Week of January 11, 1999

January 11, 1999

THE BEST OF THE BEST
TOP SELLERS
TURNABOUT’S FAIR PLAY
MOVING METAL
CLOUDY CRYSTAL BALLS
CONSUMERS COULD BE THE WINNERS
RIDING THE BLUE MACAW
BILLIONS AND BILLIONS
IMPASSE IN BRAZIL
DOLLARS FOR JUNKERS
BMW WAVERS ON ROVER'
MERGER MANIA CONTINUES
NO ON CHO
COROLLA CAPS THE MARKET
WHEELING WINNERS


THE BEST OF THE BEST — Volkswagen’s scored a big hit with its New Beetle, and if anyone had any doubts, the car has collected yet another top honor. The reborn Bug was chosen North American Car of the Year by a panel of U.S. and Canadian auto writers. Perhaps the only one surprised by the award was VW Chairman Ferdinand Piech, who was forced to pay off on a $20 bet with Gerd Klauss, head of Volkswagen of America. “I paid, and I’m happy I could pay,” said a smiling Piech. “I’m happy to lose it.” The winner in the truck category came as a bit more of a surprise. Most observers had expected the new Chevrolet Silverado to take top honors, but the winner was the redesigned Jeep Grand Cherokee. The Silverado came close, according to judges, but it lost out after splitting its votes with the nearly identical full-size pickup, the GMC Sierra.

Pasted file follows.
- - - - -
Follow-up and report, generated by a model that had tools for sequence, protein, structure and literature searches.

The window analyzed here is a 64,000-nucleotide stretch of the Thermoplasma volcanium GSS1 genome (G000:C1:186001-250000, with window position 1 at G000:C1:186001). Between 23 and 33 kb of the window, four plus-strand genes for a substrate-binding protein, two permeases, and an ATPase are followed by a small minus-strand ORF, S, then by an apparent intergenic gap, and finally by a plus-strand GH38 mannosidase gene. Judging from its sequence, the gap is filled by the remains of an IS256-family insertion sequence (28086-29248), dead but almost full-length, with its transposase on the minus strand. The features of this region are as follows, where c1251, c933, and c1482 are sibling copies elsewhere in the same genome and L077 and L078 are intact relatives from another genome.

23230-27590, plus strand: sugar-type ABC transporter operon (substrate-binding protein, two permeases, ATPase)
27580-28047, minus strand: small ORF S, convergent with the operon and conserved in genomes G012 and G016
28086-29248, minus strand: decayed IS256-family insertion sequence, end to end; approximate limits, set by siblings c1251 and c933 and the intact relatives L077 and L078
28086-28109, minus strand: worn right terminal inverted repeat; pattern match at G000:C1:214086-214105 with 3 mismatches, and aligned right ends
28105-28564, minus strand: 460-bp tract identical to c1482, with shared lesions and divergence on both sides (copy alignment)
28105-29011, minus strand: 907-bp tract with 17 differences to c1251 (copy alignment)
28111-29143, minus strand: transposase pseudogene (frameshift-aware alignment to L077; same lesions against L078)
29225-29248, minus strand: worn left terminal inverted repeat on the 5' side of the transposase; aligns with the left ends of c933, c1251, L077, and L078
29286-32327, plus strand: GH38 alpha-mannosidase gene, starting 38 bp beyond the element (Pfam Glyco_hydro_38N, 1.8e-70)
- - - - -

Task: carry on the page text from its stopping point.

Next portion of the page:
TOP SELLERS — In a season of winners and losers, the Toyota Camry grabbed another hard-sought honor. The midsize sedan narrowly outsold the Honda Accord to maintain its sales crown as America’s most popular passenger car for the second year in a row. Americans bought or leased 429,575 Camrys in 1998, just 28,504 more than the Honda Accord. Over two-thirds of Camrys sold in the U.S. are now being built at the automaker’s plant in Kentucky. Camry’s numbers pale in comparison to Ford’s F-Series pickup. The full-size pickup held onto its lead as the best-selling truck — and top-selling motor vehicle — for the 17th year in a row. Boosted by the introduction of the heavy-duty F-250 and F-350 models, Ford sold a total of 836,629 of the full-size pickups. That was nearly 60 percent more than the second-place truck contender, the Chevy full-size pickup. GM suffered a shortage due to model changeover and a devastating strike, but it has set a goal of displacing Ford as production of the new Chevrolet Silverado reaches full speed.